We quantified the relationship between mean effect size (at each resampled bootstrap) and each biotic or abiotic factor independently, that is, we controlled three factors and quantified the relationship with a specific one. Some of these analyses were not performed for biodiversity and vegetation structure because of either the small number of study landscapes (fig. S2) or the lack of data (figs. S2 and S3). All analyses used in this study were performed in the R. 212 environment (63).

SUPPLEMENTARY MATERIALS

Supplementary material for this article is available at http://advances.sciencemag.org/cgi/content/full/3/11/e1701345/DC1

fig. S1. Meta-analysis without controlling for the biotic and abiotic factors.

fig. S2. Regression and box plot analyses for biodiversity.

fig. S3. Regression and box plot analyses for vegetation structure.

table S1. Median values of response ratios for active restoration and natural regeneration systems compared with reference systems controlled for the four biotic and abiotic factors (forest cover at the landscape scale, total annual precipitation, past disturbance, and the time elapsed since restoration started) and percentage of enhancement of biodiversity and vegetation structure in natural regeneration with respect to active restoration systems.

table S2. Median values of response ratios for active restoration and natural regeneration systems compared with reference systems without controlling for the four biotic and abiotic factors (forest cover at the landscape scale, total annual precipitation, past disturbance, and the time elapsed since restoration started) and percentage of enhancement of biodiversity and vegetation structure in natural regeneration with respect to active restoration systems.

table S3. Selected papers with data available for the meta-analysis.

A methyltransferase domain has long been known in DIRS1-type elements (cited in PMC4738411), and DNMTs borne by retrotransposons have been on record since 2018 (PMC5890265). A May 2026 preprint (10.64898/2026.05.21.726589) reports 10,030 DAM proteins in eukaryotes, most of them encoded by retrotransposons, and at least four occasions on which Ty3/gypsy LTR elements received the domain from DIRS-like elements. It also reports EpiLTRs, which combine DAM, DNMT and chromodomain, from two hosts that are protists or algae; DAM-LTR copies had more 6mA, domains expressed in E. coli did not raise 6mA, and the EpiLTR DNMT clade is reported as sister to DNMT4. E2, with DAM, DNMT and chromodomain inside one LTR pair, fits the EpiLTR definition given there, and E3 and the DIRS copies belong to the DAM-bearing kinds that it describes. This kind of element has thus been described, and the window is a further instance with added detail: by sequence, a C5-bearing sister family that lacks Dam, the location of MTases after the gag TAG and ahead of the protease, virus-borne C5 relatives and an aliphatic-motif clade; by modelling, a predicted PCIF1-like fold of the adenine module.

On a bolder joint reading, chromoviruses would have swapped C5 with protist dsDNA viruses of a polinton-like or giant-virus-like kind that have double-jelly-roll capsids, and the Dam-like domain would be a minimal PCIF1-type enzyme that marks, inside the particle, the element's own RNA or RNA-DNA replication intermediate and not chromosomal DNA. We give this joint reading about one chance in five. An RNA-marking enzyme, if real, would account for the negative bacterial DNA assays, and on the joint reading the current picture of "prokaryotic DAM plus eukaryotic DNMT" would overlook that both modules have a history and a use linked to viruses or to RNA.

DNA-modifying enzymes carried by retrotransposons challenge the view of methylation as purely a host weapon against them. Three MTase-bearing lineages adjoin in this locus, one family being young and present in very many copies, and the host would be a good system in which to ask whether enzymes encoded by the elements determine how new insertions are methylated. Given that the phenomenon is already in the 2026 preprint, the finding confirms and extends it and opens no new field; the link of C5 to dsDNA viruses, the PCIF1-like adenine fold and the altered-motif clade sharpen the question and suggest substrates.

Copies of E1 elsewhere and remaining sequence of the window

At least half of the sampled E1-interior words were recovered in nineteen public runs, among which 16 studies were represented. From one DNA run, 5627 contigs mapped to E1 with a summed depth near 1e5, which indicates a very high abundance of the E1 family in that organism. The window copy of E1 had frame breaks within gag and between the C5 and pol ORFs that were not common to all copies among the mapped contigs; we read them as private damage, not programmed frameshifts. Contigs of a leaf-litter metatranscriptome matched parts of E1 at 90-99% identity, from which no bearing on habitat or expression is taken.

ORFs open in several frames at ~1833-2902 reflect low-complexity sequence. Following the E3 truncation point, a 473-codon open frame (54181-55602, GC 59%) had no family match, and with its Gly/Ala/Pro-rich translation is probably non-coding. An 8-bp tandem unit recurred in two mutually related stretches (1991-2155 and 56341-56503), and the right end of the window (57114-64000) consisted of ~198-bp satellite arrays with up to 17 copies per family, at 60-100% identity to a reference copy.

This is an open-access article distributed under the terms of the Creative Commons Attribution-NonCommercial license, which permits use, distribution, and reproduction in any medium, so long as the resultant use is not for commercial advantage and provided the original work is properly cited.

REFERENCES AND NOTES

Acknowledgments: Funding: Support was provided by the Australian Research Council Laureate Fellowship to D.B.L. R.L.C. was supported by a fellowship from the Coordination for the Improvement of Higher Education Personnel of Brazil for a research grant (#88881.064976/2014-01). This work was also supported by the PARTNERS Research Coordination Network (grant #DEB1313788) from the NSF Coupled Natural and Human Systems Program. Author contributions: R.C. conceived the idea, designed the study, and led the writing. R.C. conducted the analysis, but A.I. collaborated on it. R.C., M.S.F., and L.M. collected the data. All the authors contributed to improve the study design, the idea, and the writing of the manuscript. Competing interests: The authors declare that they have no competing interests. Data and materials availability: All data needed to evaluate the conclusions in the paper are present in the paper and/or the Supplementary Materials. The database and R code used in the analyses are available in the Dryad Digital Repository (doi: 10.5061/dryad.5428h). Additional data related to this paper may be requested from the authors.